Wednesday, 14 August 2013

Exploring the Vassar Greenhouse

You hear the familiar click and beep of a VCard being swiped from within as a heavy metal door swings towards you with an audible protestation emanating from its rusty blots. Walking through the entryway, a rush of sweet, humid air envelops you. It dances on your skin, warming your rosy cheeks and nipped ears, frosted by the harsh Poughkeepsie elements. Your pupils struggle to expand in the bright light which streams in from above, momentarily blinding you. After a few seconds you adjust, but all you can make out is row after row of leaves as far as the eye can see. “Where am I?” you may ask yourself, but then you come to your senses and realize that you’re standing right smack in the middle of Vassar’s very own greenhouse!

Constructed behind Olmstead Hall in 1973, the Vassar College Greenhouse serves as a supplementary yet sophisticated asset in the Biology Department for a hands-on approach to learning.  Home to the Vassar’s teaching plant collection, it holds an eclectic variety of over seven hundred specimens from over a hundred and twenty different families. Additionally, it houses the research projects of both Vassar students and faculty members. Past faculty research projects have included studies on plant reproductive ecology, insect-plant interactions, fungus-plant relationships, ecological genetics, and plant physiological ecology. Students from the “VEG” also utilize the space to get a head start on seedling development for their spring garden patch. Even during the early spring months when the VC Greenhouse isn’t home to the only blooming banana plant in Poughkeepsie, or during the summer when Bio 208 (Plant Diversity and Evolution) isn’t growing bin after bin of “mystery” vegetables to identify at the end of their semester, the greenhouse continues to turn out tasty fruits and veggies.

The students and faculty of Vassar College are welcome to stop by the greenhouse during visiting hours between 9 AM and 12 PM, seven days a week or by appointment. The greenhouse not only provides a variety of interesting plants to observe and learn from, but also creates a relaxing atmosphere to work, read, or think in. Unfortunately, the greenhouse has recently been receiving fewer guests. VC Greenhouse laboratory technician Keri VanCamp speculates that the cause of this decrease in onlookers might be due to the construction on Olmsted Hall, and the new science building that has “certainly made the greenhouse more difficult to access. It's less visible and people’s routes have changed as a result of the work being done in the parking lot. On top of that, the work they’re doing is pretty loud so you can hear it inside the greenhouse,” said VanCamp.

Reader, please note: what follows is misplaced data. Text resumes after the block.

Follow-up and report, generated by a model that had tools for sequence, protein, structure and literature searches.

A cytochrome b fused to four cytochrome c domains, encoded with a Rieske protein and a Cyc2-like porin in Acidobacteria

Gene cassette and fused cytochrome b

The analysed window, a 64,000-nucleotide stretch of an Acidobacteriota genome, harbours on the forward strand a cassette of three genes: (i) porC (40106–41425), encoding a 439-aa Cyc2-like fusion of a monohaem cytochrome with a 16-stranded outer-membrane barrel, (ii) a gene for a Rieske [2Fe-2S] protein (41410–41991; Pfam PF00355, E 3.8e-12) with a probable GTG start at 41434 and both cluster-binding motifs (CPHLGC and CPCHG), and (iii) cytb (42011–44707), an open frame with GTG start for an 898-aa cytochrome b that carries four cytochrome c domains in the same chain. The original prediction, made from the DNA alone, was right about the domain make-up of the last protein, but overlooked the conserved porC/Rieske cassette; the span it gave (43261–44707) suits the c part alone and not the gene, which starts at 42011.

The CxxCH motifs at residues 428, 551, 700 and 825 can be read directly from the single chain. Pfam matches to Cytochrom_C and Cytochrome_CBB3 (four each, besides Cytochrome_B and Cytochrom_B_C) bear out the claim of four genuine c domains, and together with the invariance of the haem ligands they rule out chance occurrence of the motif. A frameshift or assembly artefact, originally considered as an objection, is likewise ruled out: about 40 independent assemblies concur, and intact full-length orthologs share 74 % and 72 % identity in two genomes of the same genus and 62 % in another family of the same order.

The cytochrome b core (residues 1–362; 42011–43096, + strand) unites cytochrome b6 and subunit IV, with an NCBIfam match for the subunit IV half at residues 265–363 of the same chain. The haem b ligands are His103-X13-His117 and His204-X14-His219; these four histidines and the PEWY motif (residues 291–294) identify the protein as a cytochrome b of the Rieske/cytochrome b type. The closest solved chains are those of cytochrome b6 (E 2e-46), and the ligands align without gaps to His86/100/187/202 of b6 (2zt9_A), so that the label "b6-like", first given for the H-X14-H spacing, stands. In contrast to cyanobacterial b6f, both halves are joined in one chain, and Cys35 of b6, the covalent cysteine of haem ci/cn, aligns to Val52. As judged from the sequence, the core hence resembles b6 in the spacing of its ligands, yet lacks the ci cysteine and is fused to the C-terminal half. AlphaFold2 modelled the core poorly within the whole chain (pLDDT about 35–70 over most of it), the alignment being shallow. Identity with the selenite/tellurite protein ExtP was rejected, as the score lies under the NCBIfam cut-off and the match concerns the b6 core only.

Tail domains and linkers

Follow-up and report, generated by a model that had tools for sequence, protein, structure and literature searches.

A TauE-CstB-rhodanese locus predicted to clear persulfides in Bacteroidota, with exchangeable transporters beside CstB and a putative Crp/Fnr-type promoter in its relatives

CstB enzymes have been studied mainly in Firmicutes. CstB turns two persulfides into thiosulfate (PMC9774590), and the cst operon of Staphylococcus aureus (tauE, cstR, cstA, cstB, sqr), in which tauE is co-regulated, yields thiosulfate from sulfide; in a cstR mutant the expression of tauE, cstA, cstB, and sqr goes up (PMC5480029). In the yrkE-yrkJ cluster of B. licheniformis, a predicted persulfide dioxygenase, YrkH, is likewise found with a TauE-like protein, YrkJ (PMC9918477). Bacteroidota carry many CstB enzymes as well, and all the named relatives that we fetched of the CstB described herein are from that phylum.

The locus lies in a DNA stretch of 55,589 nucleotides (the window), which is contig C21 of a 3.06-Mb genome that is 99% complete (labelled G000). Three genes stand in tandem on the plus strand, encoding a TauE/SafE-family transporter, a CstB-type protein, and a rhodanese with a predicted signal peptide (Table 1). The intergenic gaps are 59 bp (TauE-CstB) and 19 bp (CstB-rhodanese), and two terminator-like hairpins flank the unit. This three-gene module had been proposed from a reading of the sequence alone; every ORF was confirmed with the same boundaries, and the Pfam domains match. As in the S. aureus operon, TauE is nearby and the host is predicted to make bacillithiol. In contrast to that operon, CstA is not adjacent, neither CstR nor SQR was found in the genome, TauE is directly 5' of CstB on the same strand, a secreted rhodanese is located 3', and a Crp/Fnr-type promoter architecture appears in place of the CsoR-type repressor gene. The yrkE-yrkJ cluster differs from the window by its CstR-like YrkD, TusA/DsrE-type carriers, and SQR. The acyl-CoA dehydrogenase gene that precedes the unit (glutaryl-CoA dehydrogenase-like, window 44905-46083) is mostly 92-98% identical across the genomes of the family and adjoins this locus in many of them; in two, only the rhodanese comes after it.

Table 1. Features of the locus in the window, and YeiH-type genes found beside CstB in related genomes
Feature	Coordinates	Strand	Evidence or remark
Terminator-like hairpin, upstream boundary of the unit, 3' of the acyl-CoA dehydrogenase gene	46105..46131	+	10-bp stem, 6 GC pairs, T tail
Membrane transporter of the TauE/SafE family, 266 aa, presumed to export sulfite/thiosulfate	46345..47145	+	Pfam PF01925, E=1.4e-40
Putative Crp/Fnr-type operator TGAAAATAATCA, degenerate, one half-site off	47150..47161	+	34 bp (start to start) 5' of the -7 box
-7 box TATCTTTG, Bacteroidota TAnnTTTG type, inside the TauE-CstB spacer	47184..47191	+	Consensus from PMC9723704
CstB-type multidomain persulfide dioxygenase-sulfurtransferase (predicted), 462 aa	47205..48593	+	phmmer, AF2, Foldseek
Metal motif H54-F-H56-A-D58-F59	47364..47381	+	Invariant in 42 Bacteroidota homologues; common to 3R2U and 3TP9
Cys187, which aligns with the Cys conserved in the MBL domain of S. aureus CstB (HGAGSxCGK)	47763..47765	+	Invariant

In response to this decrease in visitors, the greenhouse has recently launched a new outreach initiative. The goal of this initiative is to increase the Vassar community’s awareness of the greenhouse and everything that the space has to offer. Biology Department fieldwork intern, Michael Gambardella, has been working with VanCamp and Professor Ronsheim on a variety of programs aimed at increasing viewership. Their most prominent endeavor is the creation of a self-guided ethno-botanical tour of the greenhouse for students, faculty, and members of the greater Poughkeepsie-Arlington community. VanCamp and Gambardella are also planning on holding an open house this coming fall, once the tour has been completed and installed. “It will be a day for people in the community to come in, enjoy the plants, and raise awareness about the Vassar Greenhouse and all the functions it serves the college,” said VanCamp. The greenhouse recently launched their Facebook page that is filled with vibrant pictures of fruits and flowers currently in bloom, short descriptions on a variety of species, general information about the greenhouse, and eco-tips about buying local, conserving water, and reducing CO2 emissions that make going green fun and easy.

Although the construction may be the cause of a decrease in traffic through the greenhouse, VanCamp implied that the situation is definitely not all bad. “The good news,” she said, “is that we’ll be getting a new fitotron, which is the facility that houses all our growth chambers… I also hope that the construction will make the connection between the greenhouse and Olmsted stronger and that will mean more people coming into the greenhouse more regularly.”

For more information about the Vassar College Greenhouse, visit the Vassar Greenhouse Facebook page at or simply stop by and experience it for yourself firsthand.

Written by: Michael Gambardella
Photo credit: Dion Kauffman 

No comments:

Post a Comment